While in the previous article, we delved into some functional testing types(Unit, Integration, and Regression Testing), in this one, we will talk about Non Functional testing and some of the tools we use to achieve its implementation.
You may ask yourself what is the scope of this type of testing? As the name implies, Non-Functional testing is performed to assess and verify the non-functional requirements of the system under test. The application's security, performance, portability, and usability, alongside other non-functional characteristics, should be scrutinized to meet the business expectations associated with the software product.
One conclusion you'll probably reach before the end of this article, and what I'm also trying to get through, is that Non-functional testing sadly gets much less attention than it deserves. Most times the costs of including Non-functional testing procedures in your software development lifecycle are much lower than costs provoked by a serious security breach, data leak, or even just the extra server time, extra storage space or lower battery life caused by low optimisation or overall poor performance.
I've chosen to start with Security testing because more often than not, it's overlooked during the development process. There are a lot of resources allocated towards a software project, front-end and back-end developers, QA, Dev Ops, Managers, Scrum Masters, etc. Rarely would one see the presence of a penetration tester or a security engineer. Only when a malicious entity breaks into the system, then and only then resources are put in place for this very important process.
According to OWASP®, security testing can be split according to the types of vulnerability being tested:
One of the tools used in the Security Industry is OWASP® Zed Attack Proxy. ZAP is a security tool, designed for use against web applications and its scope is detecting vulnerabilities and security risks.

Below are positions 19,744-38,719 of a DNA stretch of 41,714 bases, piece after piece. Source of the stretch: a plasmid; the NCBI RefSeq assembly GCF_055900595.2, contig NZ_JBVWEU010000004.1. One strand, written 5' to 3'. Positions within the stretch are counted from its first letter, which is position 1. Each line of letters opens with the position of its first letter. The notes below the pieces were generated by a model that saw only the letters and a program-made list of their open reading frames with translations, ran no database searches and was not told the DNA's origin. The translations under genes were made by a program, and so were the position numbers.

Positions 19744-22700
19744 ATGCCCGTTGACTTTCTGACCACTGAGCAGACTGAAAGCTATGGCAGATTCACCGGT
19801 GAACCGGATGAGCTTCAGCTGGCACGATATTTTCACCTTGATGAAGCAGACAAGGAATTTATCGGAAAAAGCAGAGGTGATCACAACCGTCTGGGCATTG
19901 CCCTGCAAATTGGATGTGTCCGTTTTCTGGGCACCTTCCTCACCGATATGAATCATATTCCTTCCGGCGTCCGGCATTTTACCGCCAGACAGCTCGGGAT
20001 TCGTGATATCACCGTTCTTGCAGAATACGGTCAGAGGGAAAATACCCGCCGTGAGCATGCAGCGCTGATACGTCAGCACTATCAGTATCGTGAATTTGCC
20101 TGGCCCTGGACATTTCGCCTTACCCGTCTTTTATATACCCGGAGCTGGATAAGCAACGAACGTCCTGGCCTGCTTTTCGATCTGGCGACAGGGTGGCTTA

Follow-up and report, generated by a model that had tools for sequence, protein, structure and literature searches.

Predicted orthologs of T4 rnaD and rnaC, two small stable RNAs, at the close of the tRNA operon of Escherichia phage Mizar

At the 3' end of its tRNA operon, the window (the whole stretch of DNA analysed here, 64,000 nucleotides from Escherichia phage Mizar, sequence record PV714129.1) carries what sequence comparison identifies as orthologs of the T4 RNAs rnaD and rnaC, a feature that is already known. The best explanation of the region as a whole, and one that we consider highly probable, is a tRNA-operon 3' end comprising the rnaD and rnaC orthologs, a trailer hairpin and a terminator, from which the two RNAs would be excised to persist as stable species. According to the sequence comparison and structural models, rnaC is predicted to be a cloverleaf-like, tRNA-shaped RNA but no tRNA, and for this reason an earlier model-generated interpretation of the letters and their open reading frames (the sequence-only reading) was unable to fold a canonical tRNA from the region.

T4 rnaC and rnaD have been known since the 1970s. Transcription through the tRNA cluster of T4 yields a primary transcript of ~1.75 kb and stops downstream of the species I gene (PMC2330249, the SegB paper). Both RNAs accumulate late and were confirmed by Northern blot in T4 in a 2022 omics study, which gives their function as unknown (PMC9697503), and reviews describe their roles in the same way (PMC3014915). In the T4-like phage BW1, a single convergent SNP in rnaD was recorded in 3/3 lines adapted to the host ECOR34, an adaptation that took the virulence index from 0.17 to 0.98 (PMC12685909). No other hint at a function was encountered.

Nowadays, when designing a modern web app, development teams can expect its system to be under heavy loads, perhaps even hundreds of thousands of concurrent users. Performance Testing is the process that verifies that an app can support an adequate number of client-server transactions, promptly, and without impeding the user experience. 53% of mobile site visits are abandoned if pages take longer than 3 seconds to load. A further 2-second delay resulted in abandonment rates of up to 87%.
During performance testing, we follow some Key Performance indicators. Using the information gathered from these quantifiable metrics we can determine if the test is successfull or not. In the case of test failure, the development team can identify areas of poor performance and fix or improve on them. Some of these KPIs are:
As most things in engineering, the rabbit hole goes much much deeper and we barely scratched the surface - but what I wanted to point out through this article is that while often overlooked, Non-Functional testing is and should be a core part of the software development lifecycle. Human nature makes us not see the value in preventive measures until we've bumped our heads a few times. People building software, whether they're entrepreneurs or engineers, don't always love to invest in things which have an unquantifiable value. That's the case with NFT as well, more often than not people regret not taking it seriously after it's too late. It is a great preventive measure to apply and avoid pitfalls and potential disasters. As an interesting read, take a look at the list of Biggest Data Breaches in US History to see some really disastrous consequences that having a security vulnerability may produce. Performing Non-functional testing and taking it seriously, in the long run, saves money, time and frustration. I hope this brings some light onto a somewhat overlooked subject in smaller or mid-sized software projects.
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